Request Denied: DPW Says No To Discharge Toxic Water From Derailed Ohio Train Into Wastewater System
BALTIMORE COUNTY - The Baltimore City department of public works has denied a request from industrial remediation contractor Clean Harbors to discharge pre-treated wastewater into the city's system.
Channel 11 news reports that Charles Heart, general manager of Clean Harbors, said that the company would only receive water from the Ohio train derailment site with approval from local officials.
Local elected officials, including Baltimore County Executive Johnny Olszewski, Baltimore Mayor Brandon Scott, County Councilman David Marks, and Baltimore County Delegates Kathy Szeliga and Ryan Nawrocki, have already expressed their opposition to treating the water in the Baltimore Area.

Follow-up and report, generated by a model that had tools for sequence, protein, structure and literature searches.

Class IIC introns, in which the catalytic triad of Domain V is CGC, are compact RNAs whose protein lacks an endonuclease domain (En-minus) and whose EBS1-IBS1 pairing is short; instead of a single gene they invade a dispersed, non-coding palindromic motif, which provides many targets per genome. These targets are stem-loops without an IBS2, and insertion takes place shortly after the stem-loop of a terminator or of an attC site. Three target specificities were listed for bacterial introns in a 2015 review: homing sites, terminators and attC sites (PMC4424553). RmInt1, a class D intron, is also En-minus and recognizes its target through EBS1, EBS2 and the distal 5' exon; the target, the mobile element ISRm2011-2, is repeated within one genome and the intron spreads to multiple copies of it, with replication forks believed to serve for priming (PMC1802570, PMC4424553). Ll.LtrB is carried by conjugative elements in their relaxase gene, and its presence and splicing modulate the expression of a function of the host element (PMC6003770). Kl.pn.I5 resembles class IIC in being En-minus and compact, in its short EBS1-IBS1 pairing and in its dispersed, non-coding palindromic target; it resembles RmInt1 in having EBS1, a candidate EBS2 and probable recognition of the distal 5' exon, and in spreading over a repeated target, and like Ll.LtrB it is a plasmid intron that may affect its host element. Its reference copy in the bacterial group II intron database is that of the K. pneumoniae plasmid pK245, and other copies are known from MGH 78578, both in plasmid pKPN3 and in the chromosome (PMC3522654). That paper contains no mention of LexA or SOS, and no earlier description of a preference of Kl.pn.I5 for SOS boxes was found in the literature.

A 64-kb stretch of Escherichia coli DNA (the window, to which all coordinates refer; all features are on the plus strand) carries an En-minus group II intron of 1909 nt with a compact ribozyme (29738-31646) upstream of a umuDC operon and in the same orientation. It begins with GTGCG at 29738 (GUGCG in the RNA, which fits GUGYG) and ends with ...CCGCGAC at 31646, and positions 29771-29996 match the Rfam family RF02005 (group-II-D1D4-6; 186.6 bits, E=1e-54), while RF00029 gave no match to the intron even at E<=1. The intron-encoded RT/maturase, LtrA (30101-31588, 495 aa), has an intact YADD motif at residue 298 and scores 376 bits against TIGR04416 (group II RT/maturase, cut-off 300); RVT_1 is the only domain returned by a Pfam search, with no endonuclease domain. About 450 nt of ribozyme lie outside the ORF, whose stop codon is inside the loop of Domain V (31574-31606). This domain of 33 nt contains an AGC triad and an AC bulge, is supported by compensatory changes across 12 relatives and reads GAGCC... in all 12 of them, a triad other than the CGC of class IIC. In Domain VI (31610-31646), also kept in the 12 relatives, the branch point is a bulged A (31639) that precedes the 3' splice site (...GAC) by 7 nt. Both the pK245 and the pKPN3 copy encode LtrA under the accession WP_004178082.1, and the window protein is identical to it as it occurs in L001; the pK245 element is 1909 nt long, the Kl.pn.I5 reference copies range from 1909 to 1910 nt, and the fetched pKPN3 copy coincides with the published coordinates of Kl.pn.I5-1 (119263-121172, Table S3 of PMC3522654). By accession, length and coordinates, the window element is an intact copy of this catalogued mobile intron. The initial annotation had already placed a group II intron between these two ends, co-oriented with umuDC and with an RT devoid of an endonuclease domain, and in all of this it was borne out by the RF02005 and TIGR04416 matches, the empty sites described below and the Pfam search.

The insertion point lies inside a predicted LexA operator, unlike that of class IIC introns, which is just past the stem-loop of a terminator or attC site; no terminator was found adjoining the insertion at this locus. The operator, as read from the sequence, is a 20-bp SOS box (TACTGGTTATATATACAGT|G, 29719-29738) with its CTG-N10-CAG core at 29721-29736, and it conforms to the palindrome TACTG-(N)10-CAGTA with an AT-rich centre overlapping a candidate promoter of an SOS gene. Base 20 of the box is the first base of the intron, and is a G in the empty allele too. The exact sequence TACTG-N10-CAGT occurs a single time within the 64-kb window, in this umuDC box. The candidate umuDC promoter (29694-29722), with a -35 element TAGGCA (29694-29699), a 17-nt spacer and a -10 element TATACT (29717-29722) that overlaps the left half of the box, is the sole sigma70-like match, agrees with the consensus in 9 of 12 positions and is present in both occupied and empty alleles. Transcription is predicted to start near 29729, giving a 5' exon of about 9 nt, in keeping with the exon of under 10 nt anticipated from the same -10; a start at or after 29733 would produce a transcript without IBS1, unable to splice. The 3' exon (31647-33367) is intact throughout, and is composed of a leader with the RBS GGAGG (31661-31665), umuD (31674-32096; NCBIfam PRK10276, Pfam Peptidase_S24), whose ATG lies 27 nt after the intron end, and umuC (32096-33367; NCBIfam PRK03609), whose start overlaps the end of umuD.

After some uncertainty over the weekend on whether or not officials could prevent the wastewater from coming to the Back River treatment plant, Baltimore Mayor Brandon Scott released a statement on Monday saying that DPW has the authority to deny the request.
"After legal review, the city's Law Department has determined that the Department of Public Works has the authority to modify discharge permits in an effort to 'safeguard Publicly Owned Treatment Works (POTW) from interference, pass-through or contamination of treatment by-products.' As such, I have directed DPW to modify Clean Harbor's discharge permit to deny their request to discharge processed wastewater from the cleanup of the Norfolk Southern railroad derailment into the city's wastewater system after processing at a Clean Harbors facility. Clean Harbors has facilities across the country that may be better positioned to dispose of the treated wastewater, and we urge them to explore those alternatives."
You can read the DPW's letter to Clean Harbors' here.